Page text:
Front-end development should cease to be a profession.
This article was written in 2013. It might or it might not be outdated. And it could be that the layout breaks. If that’s the case please let me know.
Today I tried to provoke my twitter time line by stating that the discipline of front-end development should cease to exist. Part of it should become part of Visual Web Design, and part of it should become part of the discipline Web Development. Provoking worked, discussing the provocation is harder. I’ll try to explain what I mean.
I am asked to think about the future of the specialty front-end development as it is taught on the University of Applied Science in Amsterdam. One of the ideas I’m playing with is to make front-end development a part of two other courses that are taught there: Visual Design and Web Developer.
The reason behind this thinking is as follows: Visual web designers don’t really understand the web technically, they don’t understand that everything will look different everywhere. This must be part of their understanding. When they understand this, their designs will be better. I strongly believe this is the basic idea behind web design. This makes web design different from all other design specialties. Of course you could force designers to learn how to write HTML and CSS, but I don’t think that will work, designers want to see what they’re making. Instead we should make tools that force/help them in working with the web (instead of ignoring it). And until these tools exist we should teach them how the web works.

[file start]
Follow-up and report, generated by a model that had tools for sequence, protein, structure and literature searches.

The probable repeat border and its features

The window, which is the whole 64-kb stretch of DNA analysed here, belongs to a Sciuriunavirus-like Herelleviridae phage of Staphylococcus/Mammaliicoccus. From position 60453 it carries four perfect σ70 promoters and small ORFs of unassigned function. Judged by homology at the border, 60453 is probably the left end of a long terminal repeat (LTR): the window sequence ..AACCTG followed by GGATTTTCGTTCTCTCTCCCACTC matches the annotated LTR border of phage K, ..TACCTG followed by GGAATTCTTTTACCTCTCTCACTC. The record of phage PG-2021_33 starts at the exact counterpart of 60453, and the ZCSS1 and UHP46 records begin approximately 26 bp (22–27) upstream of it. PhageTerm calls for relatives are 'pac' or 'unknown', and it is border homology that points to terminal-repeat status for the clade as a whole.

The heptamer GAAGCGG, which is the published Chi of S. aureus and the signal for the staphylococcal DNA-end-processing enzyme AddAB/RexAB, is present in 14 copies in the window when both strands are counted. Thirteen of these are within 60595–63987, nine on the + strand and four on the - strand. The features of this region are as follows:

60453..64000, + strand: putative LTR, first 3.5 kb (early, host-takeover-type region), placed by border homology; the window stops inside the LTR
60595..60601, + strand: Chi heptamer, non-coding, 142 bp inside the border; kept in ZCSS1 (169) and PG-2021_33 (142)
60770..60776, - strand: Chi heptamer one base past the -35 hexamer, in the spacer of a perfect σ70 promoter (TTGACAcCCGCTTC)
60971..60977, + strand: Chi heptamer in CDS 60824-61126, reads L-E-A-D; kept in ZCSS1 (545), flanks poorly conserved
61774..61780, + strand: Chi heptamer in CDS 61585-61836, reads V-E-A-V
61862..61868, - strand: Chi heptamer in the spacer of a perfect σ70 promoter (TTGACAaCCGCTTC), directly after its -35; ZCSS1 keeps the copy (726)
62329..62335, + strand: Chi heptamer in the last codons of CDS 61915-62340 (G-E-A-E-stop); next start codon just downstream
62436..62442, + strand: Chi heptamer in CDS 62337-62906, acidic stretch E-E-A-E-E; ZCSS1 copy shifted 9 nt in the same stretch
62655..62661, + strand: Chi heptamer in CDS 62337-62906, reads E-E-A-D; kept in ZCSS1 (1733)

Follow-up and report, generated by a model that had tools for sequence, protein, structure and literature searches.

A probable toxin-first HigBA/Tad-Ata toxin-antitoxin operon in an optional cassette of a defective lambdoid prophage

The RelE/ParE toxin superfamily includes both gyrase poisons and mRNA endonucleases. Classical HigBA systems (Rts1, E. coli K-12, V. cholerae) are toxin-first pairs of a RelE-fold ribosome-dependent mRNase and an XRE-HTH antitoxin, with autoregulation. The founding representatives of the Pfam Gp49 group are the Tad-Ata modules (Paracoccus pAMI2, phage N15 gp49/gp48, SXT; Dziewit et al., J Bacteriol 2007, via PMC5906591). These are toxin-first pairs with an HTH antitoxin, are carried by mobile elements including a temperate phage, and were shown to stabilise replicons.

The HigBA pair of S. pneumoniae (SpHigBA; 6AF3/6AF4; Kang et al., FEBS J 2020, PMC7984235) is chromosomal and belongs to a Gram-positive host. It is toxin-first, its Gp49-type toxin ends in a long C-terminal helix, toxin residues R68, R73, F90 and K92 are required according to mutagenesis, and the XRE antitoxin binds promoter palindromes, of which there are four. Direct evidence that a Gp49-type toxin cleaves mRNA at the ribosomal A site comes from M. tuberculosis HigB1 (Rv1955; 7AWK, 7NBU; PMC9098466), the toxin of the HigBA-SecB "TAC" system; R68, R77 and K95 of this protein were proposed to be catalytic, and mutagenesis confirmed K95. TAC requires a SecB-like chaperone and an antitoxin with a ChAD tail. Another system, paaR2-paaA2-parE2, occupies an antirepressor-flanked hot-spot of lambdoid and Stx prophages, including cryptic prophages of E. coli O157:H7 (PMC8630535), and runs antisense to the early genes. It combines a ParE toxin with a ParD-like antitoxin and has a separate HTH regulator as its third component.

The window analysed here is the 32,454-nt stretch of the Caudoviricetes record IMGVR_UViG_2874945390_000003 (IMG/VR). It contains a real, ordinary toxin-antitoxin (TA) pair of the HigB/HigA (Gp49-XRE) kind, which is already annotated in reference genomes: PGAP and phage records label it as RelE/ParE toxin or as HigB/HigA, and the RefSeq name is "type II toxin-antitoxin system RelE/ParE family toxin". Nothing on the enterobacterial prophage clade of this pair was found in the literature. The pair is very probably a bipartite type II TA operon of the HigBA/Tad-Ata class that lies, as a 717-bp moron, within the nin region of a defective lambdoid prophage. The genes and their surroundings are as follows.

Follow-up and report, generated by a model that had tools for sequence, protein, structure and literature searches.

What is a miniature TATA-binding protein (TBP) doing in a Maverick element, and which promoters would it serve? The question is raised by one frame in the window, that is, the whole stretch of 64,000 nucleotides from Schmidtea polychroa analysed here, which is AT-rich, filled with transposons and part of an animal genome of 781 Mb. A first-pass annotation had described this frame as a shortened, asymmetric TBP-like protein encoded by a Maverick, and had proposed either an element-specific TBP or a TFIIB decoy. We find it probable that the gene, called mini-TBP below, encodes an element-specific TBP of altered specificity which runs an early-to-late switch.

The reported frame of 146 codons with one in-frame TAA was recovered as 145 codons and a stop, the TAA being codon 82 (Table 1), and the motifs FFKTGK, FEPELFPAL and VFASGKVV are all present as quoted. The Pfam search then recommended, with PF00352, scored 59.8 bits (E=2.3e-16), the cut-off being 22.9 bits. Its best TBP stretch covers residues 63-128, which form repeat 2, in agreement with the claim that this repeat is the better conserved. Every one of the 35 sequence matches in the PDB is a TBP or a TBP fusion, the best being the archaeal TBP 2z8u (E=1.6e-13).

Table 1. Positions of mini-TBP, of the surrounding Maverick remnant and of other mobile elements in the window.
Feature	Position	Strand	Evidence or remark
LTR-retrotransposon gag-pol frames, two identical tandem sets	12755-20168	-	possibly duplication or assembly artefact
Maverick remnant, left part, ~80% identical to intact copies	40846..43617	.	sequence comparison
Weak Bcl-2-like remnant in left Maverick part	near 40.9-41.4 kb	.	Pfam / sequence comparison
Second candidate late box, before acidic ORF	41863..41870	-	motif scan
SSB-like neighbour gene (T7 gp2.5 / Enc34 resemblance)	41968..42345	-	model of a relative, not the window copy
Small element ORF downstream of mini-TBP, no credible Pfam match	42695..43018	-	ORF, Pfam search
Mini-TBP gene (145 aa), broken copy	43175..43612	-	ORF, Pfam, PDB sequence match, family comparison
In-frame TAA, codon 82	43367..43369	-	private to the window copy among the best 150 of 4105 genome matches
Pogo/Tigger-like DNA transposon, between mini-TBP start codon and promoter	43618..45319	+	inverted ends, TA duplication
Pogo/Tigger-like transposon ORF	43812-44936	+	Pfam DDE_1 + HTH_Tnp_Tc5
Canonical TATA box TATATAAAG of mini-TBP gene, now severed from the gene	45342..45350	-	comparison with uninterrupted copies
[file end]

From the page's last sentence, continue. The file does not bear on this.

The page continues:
But it works both ways: many front-end developers right now don’t understand anything about design. They should.
There used to be a strict division between people who write code for the server and people who write code for the browser. But this division is not so clear anymore. Which is a very good thing. But this does have some consequences: I see so called back-end developers bringing their best practices to the browser. The problem here is comparable with the problem we have with designers: the browser is completely different from the server and many developers find it very hard to accept that. Not all best practices apply to the browser. I firmly believe that all web developers must understand how browsers work, that developing for the browser is fundamentally different from developing for a server.
But it works both ways: many front-end developers right now can and should learn a lot from classic developers.
So I’m not saying that Front-end development should cease to exist as a trade. It is a separate profession in many ways. It needs its own specialists for sure. But I do believe that in applied universities front-end development, or browser behaviour, should be taught as a part of other, broader disciplines.
Now, I’m really looking forward to reading your opinions on this matter.